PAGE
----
Why was the scripture necessary? While God could've revealed His truth to man orally, why did He facilitate a written revelation?
The Holy Bible is the way God made a statement to humanity about its fallen state and the way of redemption from that state. This statement by God was a necessary, sufficient, rational, and authoritative mode of communication to generations after generations. The innate behavior of the fallen man to distort an oral comprehension of the divine truth necessitated a written revelation to teach the human generations about the depth of the sacred word of God.
The topic of necessity of the inscribed Word of God is, unfortunately, a topic that is discussed rarely. Many theologians talk about the necessity of the divine revelation, but that topic is different from the necessity of Scriptures because not all revelations are inscribed. The written word of God does not comprise the totality of divine revelations (John. 20:30). It is important, however, for a Bible student to understand the necessity of the scriptural form of the Word of God.
The dictionary defines Necessity as “the fact of being required or indispensable” which implies that it is the situation that is bound by some constrained circumstances. Necessities are distinguished from wants because a deficiency would cause a clear negative outcome.
In his epistle, Jude says (verse 3) “It was needful (necessary) to exhort you” to contend earnestly — It means otherwise our contention will only hurt our cause, if not destroy, our soul. The Greek-English Lexicon of the New Testament and Other Early Christian Literature defines the Greek word Jude used for "necessity" in this verse as "compulsion of any kind, outer or inner, brought about by the nature of things, a divine dispensation, some hoped-for advantage, custom, duty, etc.”
Since necessity is bound by constraints, it is very important to understand which constraints lead to the necessity of the Scriptures. The inadequacy which leads to the necessity of meeting the need for instruction in godly living is the self-helpless condition of mankind created in his fall. God is not otherwise compelled or obligated to provide the revelation of eternal salvation. Thus, the necessity of Scripture is a moral necessity of man and not a natural necessity.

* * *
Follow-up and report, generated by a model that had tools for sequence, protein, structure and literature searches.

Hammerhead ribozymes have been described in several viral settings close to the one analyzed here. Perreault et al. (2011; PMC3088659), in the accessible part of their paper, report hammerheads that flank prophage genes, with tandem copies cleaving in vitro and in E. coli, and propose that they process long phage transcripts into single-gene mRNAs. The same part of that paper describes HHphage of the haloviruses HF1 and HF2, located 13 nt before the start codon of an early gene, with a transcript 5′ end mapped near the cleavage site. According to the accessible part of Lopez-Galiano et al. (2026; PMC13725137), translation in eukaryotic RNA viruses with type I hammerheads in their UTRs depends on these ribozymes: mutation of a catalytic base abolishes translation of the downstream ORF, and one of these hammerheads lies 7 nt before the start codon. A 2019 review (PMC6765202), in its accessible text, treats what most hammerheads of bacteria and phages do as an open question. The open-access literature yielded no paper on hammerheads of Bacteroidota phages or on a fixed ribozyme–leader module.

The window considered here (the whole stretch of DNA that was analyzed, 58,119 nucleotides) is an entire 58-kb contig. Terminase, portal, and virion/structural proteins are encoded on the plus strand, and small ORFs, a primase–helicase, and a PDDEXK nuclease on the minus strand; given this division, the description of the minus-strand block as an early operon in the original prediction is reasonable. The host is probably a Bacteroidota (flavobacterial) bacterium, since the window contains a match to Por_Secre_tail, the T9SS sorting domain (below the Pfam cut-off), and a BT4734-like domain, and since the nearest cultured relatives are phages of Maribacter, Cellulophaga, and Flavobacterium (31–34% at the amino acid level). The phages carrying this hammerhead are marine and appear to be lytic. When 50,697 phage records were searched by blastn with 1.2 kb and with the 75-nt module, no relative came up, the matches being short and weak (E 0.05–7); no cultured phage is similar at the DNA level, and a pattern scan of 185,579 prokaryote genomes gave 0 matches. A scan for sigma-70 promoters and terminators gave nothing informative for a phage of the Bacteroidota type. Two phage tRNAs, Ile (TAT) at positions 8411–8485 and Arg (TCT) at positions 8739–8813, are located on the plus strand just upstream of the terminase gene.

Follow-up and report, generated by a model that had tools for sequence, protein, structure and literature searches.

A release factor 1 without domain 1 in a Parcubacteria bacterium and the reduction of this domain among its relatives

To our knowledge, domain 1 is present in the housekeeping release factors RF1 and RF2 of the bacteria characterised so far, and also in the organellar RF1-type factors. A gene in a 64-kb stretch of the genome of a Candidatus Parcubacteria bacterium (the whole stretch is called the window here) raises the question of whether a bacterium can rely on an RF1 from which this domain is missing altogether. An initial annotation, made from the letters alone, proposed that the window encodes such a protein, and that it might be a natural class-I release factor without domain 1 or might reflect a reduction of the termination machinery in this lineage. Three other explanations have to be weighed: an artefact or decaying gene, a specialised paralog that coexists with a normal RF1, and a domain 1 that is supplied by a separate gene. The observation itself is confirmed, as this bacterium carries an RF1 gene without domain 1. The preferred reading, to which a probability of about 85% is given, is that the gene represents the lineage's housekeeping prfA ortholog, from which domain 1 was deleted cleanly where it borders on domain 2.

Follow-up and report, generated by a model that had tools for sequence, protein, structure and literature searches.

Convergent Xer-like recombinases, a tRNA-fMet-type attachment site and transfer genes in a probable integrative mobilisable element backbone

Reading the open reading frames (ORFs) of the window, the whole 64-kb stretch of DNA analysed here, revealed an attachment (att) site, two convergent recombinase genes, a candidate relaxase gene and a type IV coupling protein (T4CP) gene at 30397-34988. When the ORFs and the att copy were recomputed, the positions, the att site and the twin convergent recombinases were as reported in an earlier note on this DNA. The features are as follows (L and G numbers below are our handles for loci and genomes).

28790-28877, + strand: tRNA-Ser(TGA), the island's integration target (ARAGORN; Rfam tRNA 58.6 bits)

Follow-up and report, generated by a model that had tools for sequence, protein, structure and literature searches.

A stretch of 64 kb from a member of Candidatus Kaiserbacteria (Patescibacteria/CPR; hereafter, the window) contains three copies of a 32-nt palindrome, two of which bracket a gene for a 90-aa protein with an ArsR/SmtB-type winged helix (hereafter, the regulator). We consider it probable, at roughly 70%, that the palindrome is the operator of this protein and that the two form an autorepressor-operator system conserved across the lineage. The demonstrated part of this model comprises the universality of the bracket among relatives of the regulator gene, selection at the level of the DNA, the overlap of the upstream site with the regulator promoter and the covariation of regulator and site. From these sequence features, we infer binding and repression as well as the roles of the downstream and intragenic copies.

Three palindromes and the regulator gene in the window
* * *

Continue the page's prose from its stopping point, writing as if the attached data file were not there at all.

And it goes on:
God the creator, in his sovereignty, willingly chose to inscribe His Word for man to know God’s saving grace. Man can thus find the only way for his redemption from the otherwise unavoidable fate of eternal death since Man is unable to communicate to or comprehend God otherwise.
Lewis Sperry Chafer suggests in his "Systematic Theology" that one of the factors for the necessity of the Scripture is the fact that man is made in God's own image. The image of God in mankind endows man the capacity to commune with God and in due time God's disclosure about the divine truths would allow the man to exercise the competency to respond to God's path for eternal Salvation. Rene Pache also suggests that since man is created in His image, it makes mankind the unique creatures that can love and glorify God and respond to Him.
By virtue of the personhood of God in man, God wishes that man to know Him and have an interpersonal relationship. Proverbs 8.31 suggests that God does delight in the fellowship with mankind. The unique power of Speech to humans facilitates Him to have this personal relationship with God and unless God speaks back to man, this interaction is incomplete. The written word of God is one way that God speaks consistently across the generations of mankind.
It is obvious that the finite nature of Man makes it impossible to comprehend the nature of infinite God. Isaiah 55:9 proves this. If the limited mind of man is to conceive the perfection of God, it must come about by God's revelation himself. Hence, as Rom 1:19-21, 1:28 say, despite His incomprehensibility, God is knowable to both believer and unbeliever alike, even though the levels of this knowledge differs drastically. The semantic range of the knowledge levels used in the scriptures can be divided into 4
Since knowledge by natural revelation lacks the efficacy of special revelation, God provided the scripted Word of God as and a surer and more direct means or assistance to discover the divine knowledge for those whom he has ever been pleased to instruct effectually.